‘Forgive them, Father. They know not what they do...’
My faith has always been a complicated issue. Raised as a Catholic before many years as a staunch atheist gave way to my current guise as an agnostic, faith is an issue that fascinates me, but also makes me feel a little uncomfortable. This is perhaps one of the reasons why I have never bothered with The Passion of the Christ. Any art with a religious slant either absorbs me or repels me, and Mel Gibson’s controversial retelling of the Christ myth has always fallen squarely in the latter camp. And yet…
The Passion of the Christ covers the final moments of Jesus’ (Jim Caviezel) life on Earth. From the betrayal of Judas (Luca Lionello) to the hounding and persecution led by Caiphas (Mattia Sbragia) to the doomed intervention by Pontius Pilate (Hristo Shopov), Gibson’s ultra violent film charts all of this right up until Jesus’ final moments on the cross at Golgotha – and be warned, this is a tough watch.
I should start by saying that Gibson himself is a… controversial figure, to say the least, and this film itself received criticism for historical inaccuracies and antisemitism, but that shouldn’t cloud your judgement around the quality of the film itself. And this is high quality filmmaking. Caviezel, who would pretty much vanish into obscurity the second credits rolled on this movie, delivers a powerful and emotive performance that will live long in the memory. Jesus’ pain and suffering is etched on his face, and the many degradations and acts of violence that he endures are sold to the viewer as authentic and lived in. Is the violence necessary? Well, it’s a violent story. There is little here that isn’t mentioned in at least one of the canonical gospels, and the little flourishes that Gibson does include only add to the overall story rather than detracting from it.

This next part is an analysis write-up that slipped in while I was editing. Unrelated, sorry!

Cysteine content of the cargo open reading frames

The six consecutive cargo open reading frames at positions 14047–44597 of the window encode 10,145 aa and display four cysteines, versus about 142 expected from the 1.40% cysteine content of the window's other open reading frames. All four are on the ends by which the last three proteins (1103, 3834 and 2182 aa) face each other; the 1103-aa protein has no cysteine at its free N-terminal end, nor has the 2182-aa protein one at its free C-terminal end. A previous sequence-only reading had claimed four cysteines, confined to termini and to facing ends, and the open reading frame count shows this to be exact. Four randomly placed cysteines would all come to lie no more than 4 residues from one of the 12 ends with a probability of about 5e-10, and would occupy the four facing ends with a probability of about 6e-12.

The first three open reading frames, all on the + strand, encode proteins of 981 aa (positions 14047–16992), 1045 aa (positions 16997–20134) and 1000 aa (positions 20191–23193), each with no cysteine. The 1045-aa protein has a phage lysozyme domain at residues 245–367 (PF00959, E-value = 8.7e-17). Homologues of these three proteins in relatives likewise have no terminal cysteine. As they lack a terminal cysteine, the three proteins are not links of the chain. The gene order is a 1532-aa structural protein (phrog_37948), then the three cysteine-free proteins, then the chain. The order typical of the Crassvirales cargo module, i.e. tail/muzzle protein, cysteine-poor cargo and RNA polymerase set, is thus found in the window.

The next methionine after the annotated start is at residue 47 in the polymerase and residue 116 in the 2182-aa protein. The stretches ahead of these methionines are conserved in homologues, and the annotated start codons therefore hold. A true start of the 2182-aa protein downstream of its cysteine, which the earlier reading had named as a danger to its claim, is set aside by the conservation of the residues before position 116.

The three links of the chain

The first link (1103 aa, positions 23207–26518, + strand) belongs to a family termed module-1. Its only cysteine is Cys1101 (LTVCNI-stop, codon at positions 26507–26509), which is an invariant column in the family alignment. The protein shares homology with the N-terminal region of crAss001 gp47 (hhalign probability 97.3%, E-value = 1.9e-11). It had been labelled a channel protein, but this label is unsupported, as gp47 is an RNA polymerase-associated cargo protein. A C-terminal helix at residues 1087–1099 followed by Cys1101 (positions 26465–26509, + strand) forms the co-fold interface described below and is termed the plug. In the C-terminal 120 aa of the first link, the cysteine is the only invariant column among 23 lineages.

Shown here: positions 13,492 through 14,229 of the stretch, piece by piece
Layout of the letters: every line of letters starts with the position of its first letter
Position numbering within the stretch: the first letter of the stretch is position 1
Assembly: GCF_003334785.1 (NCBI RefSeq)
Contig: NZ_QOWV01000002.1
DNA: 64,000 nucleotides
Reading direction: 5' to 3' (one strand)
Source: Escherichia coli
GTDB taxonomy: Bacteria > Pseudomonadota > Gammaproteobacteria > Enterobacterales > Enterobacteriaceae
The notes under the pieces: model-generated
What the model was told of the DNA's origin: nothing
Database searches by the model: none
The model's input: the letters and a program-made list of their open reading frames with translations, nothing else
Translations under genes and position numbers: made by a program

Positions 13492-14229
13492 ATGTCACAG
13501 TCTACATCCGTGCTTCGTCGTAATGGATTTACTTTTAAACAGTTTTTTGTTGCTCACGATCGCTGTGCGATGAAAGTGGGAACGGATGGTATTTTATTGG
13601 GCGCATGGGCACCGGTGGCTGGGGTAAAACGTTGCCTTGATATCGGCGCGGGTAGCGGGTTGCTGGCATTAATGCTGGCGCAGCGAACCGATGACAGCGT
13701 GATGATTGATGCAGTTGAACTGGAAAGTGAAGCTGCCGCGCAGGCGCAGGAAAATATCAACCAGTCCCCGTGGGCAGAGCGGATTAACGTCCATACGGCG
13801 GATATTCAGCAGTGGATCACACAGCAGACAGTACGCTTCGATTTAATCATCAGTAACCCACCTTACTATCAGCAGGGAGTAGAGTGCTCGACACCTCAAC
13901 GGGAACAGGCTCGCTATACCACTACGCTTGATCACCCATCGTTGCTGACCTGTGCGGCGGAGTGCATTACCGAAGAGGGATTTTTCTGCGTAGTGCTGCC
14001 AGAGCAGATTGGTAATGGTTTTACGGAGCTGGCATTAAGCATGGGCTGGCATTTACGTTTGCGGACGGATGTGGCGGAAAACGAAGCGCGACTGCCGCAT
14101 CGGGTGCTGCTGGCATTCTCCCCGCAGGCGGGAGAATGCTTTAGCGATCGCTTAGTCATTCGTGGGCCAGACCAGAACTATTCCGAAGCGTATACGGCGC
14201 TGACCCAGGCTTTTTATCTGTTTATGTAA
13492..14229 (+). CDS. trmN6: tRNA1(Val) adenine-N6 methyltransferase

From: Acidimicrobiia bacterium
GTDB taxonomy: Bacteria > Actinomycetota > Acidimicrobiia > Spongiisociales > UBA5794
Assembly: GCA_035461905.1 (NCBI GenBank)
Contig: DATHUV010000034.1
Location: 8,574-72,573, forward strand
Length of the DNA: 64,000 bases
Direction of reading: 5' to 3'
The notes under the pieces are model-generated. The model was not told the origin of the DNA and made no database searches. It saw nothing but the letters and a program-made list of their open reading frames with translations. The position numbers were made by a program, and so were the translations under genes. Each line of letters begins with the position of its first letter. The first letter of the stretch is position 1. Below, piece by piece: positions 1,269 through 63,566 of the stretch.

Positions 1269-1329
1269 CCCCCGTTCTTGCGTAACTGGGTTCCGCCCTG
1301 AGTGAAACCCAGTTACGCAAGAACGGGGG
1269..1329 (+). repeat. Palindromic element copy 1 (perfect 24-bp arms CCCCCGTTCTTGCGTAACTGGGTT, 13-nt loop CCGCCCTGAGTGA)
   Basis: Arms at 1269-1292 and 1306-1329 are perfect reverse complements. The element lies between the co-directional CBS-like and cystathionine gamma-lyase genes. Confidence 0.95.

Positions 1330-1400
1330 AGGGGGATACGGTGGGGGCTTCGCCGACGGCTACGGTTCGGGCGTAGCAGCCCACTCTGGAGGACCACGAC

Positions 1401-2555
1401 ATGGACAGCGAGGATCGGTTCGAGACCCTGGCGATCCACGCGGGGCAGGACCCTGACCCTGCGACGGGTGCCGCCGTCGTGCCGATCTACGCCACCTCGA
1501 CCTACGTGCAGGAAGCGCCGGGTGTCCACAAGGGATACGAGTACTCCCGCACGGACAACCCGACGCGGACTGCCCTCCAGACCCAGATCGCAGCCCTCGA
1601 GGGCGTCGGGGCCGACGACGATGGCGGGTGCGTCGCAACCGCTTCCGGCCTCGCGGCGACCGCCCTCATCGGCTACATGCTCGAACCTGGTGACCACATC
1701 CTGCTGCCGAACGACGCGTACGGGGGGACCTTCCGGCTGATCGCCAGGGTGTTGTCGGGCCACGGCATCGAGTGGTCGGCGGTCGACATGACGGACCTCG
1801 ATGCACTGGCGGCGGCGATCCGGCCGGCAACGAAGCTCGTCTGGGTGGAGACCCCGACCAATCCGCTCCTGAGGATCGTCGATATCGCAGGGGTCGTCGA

With The Passion of the Christ, Gibson made a film that is in Aramaic, Hebrew and Latin, a film that is utterly and brutally violent, and a film with controversial subject matter, and somehow spun box office gold from all of those disparate elements. No matter what you think of him as a man, Apocalypto, Hacksaw Ridge and this film stand as proof that he is a genuinely talented director.
I always thought this film wouldn’t be for me. I was wrong. If you are unsure I will leave you with this – I firmly believe that The Passion of the Christ is a film that everybody should see at least once.